Can you describe some of the things that made “Terminal Lance” less realistic? Some of it was pretty wild.
There’s one strip where a guy gets promoted to corporal. He starts transforming, and gets transformed into a literal giant douchebag.
Chief warrant officers 5’s are mythical creatures. So when the characters see one for the first time… he’s like a centaur being with a horn on his head. It’s ridiculous for the point of being funny.
One of the striking things about the book is that you use color very sparingly: Most of it’s black and white, with a wash of just one color on most pages. What drove you to do it that way?
I’m a really quick artists; I don’t enjoy spending a ton of time on any piece. And for me it was about the reader experience: What’s the reader going through, reading this page? What do I need to draw here in order to direct the reader’s eye, to get the full experience with the book, but without having to think about it. I want them to just intuitively understand what’s going on.
So the color reflects that since you can tell where you are in the book by the color, without ever drawing attention to it. So Hawaii’s green, Portland’s blue, Iraq is a sepia color, Twentynine Palms is more of a red.
One of the themes of “The White Donkey” is the suicide of veterans. How early was that idea in your conception of the book?
That was really the driving force behind the whole thing, from day one. I actually wrote ending first – that’s how I approach my writing. Then I figure out how to get there. The veteran community is plagued by the epidemic of suicide, [and so is] the active-duty community. And I wanted to tell a story that Marines could read. And if a Marine can read it and identify with it, they can see that they’re not the only person feeling that way, and it could inspire them to get help.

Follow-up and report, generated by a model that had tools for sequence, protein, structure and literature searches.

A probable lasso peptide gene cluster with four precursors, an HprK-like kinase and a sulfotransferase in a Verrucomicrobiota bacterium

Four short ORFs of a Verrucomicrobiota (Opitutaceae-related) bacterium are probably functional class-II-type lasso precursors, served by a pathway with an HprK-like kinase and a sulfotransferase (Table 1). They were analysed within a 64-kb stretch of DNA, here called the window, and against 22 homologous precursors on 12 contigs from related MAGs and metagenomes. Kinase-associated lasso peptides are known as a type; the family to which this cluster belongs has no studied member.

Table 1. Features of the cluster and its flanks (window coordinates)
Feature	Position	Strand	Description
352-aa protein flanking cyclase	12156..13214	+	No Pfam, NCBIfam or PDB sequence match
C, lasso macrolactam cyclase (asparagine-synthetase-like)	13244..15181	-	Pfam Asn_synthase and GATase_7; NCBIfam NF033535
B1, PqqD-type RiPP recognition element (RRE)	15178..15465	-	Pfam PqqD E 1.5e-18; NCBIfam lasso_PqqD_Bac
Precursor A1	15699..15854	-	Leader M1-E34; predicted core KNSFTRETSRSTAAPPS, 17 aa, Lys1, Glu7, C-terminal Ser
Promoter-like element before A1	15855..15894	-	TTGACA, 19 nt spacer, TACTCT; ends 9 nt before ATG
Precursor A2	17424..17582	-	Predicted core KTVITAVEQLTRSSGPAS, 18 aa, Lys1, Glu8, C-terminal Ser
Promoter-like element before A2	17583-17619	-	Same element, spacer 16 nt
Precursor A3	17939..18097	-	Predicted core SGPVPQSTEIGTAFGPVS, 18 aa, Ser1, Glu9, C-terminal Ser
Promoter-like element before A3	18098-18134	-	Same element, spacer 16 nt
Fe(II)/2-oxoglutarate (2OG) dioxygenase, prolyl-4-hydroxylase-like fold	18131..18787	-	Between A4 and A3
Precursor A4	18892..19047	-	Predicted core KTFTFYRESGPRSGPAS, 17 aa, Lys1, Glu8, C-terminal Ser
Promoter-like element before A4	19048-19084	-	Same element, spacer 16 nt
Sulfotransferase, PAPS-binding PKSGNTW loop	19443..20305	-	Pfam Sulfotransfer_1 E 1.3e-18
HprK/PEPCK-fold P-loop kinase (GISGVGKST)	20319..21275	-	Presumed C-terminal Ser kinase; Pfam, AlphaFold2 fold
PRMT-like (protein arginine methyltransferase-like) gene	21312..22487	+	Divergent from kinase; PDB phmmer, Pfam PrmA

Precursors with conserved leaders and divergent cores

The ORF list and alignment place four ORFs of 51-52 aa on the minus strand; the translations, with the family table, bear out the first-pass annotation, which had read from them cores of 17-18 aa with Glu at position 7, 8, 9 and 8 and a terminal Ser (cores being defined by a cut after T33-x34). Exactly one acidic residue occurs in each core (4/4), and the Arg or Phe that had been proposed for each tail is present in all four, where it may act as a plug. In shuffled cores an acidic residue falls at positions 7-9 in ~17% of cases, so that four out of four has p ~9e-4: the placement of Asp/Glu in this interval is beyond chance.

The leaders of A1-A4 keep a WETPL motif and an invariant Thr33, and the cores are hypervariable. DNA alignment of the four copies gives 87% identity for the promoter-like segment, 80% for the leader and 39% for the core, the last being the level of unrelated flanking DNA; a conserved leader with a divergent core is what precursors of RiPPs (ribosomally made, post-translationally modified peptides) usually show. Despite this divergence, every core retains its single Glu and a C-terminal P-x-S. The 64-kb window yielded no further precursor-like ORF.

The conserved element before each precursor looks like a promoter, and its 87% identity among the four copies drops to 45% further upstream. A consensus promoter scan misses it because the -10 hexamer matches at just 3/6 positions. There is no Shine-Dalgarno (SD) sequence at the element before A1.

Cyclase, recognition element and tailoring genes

For civilians, I wanted them to read this book and really understand what veterans go through, get a better understanding, and see that we’re not all stupid grunts who couldn’t make it into college or whatever.
How much is the main character, Abe, based on your life? [Note: The story is prefaced with a page announcing: “THIS IS A WORK OF FICTION.”]
I’m half Mexican and half Jewish – my middle name is Abraham. Those characters [Abe and Garcia] are like two sides of myself. The book, from Hawaii, through training, to Iraq, is based on my experience.
You talked about how there wasn’t a comic like yours when you started working on it. What did you use as models and inspirations for “The White Donkey”?
I don’t read a lot of books. But I’m a huge movie guy. I saw the book as a movie, really – it’s essentially a story-boarded screenplay, put into book form. So I was [trying to think] of a three-act film and how to turn it into a graphic novel.
You mentioned “Jarhead.” Are there other movies that are dramatically powerful or capture what war is really like?
Stanley Kubrick’s “Full Metal Jacket” is one of the best war films of all time. These films that really capture the war experience or the Marine experience are quieter, they’re not action movies where things are blowing up all the time.
You’re hoping that this will become a movie, too?
Yes, my goal is to direct it -- to make this film.